NEW DELHI: The Supreme Court on Tuesday revoked its interim order on mandatory playing of national anthem before movie screenings in cinema halls after multiple instances of vigilante patriotism, Times of India reported.
This comes a day after the Centre filed an affidavit informing the top court that it was in favour of modification of the November 2016 order, a complete turnabout from its previous stand on the issue.
Accepting attorney general K K Venugopal’s suggestion, the bench headed by Chief Justice of India (CJI) Dipak Misra said playing of national anthem in cinema halls will henceforth be optional.
Venugopal said the Centre has constituted a 12-member inter-ministerial group to study and suggest possible changes in the Insult to National Honour Act, 1971 for incorporating measures to enhance respect for the national anthem. The inter-ministerial committee will take at least six months to study all aspects relating to signing and screening of national anthem and the manner of respect due to it and give recommendations to the Centre.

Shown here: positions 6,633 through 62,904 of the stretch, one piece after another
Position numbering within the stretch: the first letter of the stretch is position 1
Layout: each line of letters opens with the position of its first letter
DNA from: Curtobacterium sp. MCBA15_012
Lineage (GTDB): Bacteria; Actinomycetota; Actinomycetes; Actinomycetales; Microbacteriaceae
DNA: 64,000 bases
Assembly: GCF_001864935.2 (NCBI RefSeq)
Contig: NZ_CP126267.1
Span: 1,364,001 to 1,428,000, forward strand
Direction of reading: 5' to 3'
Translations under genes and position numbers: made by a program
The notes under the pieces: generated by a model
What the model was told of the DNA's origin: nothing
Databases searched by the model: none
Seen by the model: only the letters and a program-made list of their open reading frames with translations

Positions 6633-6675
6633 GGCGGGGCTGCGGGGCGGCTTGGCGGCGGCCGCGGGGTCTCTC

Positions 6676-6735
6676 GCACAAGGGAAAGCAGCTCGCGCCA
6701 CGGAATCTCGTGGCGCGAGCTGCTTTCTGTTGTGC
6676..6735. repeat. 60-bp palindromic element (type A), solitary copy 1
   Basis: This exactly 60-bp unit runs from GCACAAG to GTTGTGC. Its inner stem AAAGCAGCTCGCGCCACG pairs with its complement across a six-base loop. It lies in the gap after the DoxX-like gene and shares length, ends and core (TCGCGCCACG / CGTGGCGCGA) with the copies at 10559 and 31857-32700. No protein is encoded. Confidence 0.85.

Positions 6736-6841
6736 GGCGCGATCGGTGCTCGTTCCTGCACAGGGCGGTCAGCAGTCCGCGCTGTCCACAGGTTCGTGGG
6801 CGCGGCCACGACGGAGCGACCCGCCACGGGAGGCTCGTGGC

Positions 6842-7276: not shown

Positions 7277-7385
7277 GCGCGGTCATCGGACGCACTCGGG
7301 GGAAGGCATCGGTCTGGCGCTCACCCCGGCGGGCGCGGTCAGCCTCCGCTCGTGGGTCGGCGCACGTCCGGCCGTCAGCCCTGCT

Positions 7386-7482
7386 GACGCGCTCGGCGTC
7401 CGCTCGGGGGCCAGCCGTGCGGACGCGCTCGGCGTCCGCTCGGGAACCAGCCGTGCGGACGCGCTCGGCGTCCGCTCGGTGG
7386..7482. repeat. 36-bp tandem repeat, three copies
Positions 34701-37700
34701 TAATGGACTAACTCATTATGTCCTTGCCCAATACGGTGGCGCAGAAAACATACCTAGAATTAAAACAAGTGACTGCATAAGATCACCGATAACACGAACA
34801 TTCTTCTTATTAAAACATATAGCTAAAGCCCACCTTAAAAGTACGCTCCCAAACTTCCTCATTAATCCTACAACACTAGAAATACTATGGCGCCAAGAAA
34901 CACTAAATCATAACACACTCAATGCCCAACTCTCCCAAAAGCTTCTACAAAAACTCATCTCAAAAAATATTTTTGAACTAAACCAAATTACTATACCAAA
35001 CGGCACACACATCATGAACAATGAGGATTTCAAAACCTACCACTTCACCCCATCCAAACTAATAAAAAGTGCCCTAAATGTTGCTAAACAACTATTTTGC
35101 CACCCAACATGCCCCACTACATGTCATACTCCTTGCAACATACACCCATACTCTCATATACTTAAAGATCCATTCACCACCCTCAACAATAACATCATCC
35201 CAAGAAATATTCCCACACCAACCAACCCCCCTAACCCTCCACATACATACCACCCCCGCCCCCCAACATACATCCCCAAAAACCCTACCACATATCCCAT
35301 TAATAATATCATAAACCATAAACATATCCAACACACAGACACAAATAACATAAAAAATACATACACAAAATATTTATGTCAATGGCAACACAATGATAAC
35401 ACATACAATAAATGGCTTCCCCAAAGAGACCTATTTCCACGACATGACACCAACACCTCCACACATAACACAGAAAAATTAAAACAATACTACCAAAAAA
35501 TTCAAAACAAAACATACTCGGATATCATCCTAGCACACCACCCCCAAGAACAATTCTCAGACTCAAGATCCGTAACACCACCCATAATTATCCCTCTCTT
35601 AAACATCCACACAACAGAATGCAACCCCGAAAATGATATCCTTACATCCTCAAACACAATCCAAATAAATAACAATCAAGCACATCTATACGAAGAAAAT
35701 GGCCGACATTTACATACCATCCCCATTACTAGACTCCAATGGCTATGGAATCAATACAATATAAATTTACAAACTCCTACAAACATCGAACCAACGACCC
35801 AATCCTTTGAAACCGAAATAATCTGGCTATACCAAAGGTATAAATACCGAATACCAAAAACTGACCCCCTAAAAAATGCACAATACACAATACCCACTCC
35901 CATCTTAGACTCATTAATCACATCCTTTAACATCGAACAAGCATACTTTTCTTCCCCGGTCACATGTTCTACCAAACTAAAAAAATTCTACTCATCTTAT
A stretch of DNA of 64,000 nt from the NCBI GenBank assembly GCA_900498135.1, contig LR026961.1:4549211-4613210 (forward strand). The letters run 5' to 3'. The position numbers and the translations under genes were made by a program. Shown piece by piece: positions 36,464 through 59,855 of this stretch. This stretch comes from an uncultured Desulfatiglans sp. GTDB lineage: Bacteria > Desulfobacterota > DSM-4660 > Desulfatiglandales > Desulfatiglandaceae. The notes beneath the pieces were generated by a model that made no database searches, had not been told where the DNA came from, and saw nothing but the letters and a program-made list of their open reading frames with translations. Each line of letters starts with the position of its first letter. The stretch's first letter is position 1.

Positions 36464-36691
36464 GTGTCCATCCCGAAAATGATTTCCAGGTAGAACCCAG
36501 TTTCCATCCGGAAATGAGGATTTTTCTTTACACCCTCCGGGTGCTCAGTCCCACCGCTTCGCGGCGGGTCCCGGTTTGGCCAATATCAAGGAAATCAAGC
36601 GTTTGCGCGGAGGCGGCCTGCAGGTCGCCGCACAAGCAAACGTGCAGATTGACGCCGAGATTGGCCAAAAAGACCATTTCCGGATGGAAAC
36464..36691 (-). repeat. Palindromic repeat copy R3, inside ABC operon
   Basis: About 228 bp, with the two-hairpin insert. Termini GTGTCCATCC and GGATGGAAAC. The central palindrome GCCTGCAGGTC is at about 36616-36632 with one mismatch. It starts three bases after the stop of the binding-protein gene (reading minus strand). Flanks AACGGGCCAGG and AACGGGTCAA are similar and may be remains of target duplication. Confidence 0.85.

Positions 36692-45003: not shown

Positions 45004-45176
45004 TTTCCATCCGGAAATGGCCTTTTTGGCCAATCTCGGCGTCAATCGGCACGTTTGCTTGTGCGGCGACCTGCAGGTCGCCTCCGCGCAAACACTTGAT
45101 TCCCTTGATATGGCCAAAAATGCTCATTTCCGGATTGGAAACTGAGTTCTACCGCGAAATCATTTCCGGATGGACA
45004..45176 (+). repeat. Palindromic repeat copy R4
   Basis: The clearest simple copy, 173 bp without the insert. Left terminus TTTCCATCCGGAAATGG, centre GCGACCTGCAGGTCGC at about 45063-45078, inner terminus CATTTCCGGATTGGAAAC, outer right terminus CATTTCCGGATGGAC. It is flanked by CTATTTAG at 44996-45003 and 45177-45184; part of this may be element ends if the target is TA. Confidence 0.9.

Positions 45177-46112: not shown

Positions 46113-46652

The apex court had on November 30, 2016 directed that all cinema halls must play national anthem before screening of films saying that “it would instill the feeling within one, a sense committed patriotism and nationalism”.
During the hearing on a PIL on October 23 last year, Justice D Y Chandrachud, a member of the bench along with CJI Dipak Misra and Justice A M Khnawilkar, had questioned the logic behind the order, saying there is no need for an Indian to “wear his patriotism on his sleeve”.
Attorney general K K Venugopal, appearing for the Centre, had said India was a diverse country and the national anthem needed to be played in cinema halls to bring in uniformity.
He had said it should be left open to the government to take a call on its own discretion on whether the anthem should be played in theatres and whether people should stand up for it.
Leave a Reply